Volume 5 : Cover Topic - Contemporary Indian Cinema Society & Culture (4)




We Are Not Your Monkeys: Critical Appraisal of a Collaborative Aesthetic

Nandini Dhar

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In the Dalit Panthers Manifeto issued in Bombay in 1973, a caste and class informed analysis of the Indian society was put forward. The Manifesto clearly stated, ‘‘Because the state machinery is dominated by feudal interests, the same hands who, for thousands of years, under religious sanctions, controlled all the wealth and power, today own most of the agricultural land, industry, economic resources and all other instruments of power, therefore, in spite of independence and the democratic set-ups the problems of the Dalits remain unsolved’’. The manifesto further stated. ‘‘To eradicate untouchability, all the land will have to be redistributed. Ageold customs and scriptures will have to be destroyed and new ideas inculcated. […] We must pay attention to the objective process of social development and make an historical analysis of the power that imprisons the Dalit and which has succeeded in making him tie his own hands’’. What is interesting in this Manifesto is the attempt to forge a relationship between social transformation and the reinterpretation of the cultural ethos and texts which have justified and reinforced the caste and class oppression of the Dalits. As the Manifesto points out, one of the central tasks of such socio-cultural reconstruction is the analysis of social structures of power from a caste-informed prespective, which then leads to the creation of new forms of social knowledge. The question here is, what forms will such acts of knowledge-production assume? Can the creation of aesthetic texts be considered as acts of knowledge production?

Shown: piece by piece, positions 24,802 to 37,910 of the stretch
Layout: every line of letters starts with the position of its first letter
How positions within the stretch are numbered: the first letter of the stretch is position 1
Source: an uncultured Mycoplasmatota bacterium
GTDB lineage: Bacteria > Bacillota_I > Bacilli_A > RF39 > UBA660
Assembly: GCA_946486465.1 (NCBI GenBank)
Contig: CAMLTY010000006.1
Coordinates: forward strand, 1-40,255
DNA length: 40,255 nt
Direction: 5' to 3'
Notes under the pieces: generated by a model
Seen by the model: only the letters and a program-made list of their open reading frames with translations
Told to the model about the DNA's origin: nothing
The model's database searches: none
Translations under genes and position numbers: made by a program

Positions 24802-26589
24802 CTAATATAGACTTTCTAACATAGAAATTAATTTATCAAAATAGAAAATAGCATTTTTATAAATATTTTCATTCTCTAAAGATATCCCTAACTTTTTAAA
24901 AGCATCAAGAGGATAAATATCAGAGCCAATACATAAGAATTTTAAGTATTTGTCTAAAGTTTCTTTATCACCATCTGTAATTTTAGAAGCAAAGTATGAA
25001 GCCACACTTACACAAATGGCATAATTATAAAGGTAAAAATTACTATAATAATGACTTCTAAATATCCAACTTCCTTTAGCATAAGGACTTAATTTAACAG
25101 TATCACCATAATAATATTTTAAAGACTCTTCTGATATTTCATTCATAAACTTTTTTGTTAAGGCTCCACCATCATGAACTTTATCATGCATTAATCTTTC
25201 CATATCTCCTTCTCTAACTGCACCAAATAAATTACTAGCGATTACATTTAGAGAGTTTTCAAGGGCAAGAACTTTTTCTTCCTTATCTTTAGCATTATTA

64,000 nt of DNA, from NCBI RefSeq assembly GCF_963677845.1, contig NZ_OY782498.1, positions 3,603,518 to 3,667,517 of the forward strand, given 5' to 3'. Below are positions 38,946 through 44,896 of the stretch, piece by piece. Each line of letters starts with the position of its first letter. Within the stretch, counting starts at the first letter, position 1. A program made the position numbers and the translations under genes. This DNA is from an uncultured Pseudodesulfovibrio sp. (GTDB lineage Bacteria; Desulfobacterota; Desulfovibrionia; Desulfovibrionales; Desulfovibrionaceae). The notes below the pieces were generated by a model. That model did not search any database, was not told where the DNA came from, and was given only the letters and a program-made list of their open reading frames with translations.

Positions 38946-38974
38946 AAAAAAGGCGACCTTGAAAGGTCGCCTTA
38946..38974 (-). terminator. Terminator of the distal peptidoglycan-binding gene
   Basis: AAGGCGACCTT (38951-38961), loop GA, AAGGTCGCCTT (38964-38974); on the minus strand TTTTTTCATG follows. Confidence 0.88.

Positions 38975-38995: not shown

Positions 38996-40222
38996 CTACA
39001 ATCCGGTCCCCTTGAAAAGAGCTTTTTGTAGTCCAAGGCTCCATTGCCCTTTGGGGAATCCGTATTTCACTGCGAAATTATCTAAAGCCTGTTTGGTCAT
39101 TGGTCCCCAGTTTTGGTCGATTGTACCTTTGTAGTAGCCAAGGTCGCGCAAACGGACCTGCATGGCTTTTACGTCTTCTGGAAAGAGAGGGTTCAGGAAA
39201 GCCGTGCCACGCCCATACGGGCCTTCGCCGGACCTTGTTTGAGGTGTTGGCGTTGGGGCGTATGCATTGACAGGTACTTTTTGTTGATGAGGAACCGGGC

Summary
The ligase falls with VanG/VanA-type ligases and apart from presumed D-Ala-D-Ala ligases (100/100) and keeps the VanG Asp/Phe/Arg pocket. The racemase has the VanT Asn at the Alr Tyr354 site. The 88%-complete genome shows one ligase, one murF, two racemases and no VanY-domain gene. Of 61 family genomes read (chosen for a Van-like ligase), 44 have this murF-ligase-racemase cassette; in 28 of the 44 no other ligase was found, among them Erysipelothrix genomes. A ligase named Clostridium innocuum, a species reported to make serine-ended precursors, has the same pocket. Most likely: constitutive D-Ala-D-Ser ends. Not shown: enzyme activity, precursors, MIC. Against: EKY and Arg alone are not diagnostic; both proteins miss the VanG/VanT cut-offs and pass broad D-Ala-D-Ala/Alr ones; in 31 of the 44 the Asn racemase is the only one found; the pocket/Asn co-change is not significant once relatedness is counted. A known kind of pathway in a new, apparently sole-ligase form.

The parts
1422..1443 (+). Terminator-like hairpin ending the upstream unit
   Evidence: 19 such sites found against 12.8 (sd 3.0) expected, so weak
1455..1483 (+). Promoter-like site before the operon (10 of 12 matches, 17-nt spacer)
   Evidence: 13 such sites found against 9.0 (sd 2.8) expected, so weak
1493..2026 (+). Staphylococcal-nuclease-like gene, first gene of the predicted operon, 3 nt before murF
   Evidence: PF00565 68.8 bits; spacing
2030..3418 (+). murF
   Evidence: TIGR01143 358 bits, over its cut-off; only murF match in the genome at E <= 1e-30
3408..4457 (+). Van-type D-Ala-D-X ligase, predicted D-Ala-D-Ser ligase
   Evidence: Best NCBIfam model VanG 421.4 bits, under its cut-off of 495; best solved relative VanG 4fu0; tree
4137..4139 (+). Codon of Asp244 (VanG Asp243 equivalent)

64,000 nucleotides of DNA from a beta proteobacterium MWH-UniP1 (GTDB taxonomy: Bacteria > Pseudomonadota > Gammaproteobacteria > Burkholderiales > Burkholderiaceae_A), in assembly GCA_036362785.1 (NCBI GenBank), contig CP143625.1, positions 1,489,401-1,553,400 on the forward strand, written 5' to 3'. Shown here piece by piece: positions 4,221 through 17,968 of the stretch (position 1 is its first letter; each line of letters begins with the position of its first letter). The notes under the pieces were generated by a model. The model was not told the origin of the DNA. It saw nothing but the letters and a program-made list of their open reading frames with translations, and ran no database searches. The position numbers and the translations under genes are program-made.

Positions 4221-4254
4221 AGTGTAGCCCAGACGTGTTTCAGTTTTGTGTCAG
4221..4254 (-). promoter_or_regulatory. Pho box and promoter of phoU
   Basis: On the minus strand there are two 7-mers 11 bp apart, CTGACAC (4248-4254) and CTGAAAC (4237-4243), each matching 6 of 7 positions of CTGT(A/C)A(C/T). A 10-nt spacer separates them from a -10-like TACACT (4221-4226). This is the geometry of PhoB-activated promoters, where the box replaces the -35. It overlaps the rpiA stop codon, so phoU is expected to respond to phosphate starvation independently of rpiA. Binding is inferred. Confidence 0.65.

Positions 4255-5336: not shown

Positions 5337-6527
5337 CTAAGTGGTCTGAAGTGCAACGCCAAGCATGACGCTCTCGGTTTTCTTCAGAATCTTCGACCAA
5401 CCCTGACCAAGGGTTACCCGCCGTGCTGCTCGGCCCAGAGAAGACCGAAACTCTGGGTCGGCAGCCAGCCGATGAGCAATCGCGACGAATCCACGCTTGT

While the answers to such questions can be complicated, it is important to remember that in the last three decades the act of creating a caste-informed system of knowledge has encompassed the creation of cultural texts. Dalit autobiographies, Dalit short-stories and novels, and Dalit testimonial writings, often produced within the orbits of activist organizations, have succeeded to a certain extent in making caste oppression in India visible, as well as its intersection with other forms of oppression, such as class, gender and religion. In the Preface to his autobiography, Joothan, Valmiki Omprakash writes, ‘‘Dalit-jeeban ki piraye asahaniya aur anubhab-dagdha hain. Aise anubhab jo sahityik abhibyaktiyon mein sthan nahin pa sakein. Ek aisi samaj-babushka mein hamne sas li hain, jo behad krur aur amanabiyo hain. Daliton ke prati asambedanshil bhi’’. For Omprakash, the violence of caste oppression and its ensuring trauma has been predominantly left out from canonical Indian literatures. Omprakash's statement underlines the fact that the social and material violence committed on Dalit bodies is reinforced by the absences of such traumas from the representational realm of literature and other cultural forms. The primary task of a Dalit aesthetic, then, is to bring the histories of these violences into the realm of representation, as well as the history of resistance to such violence.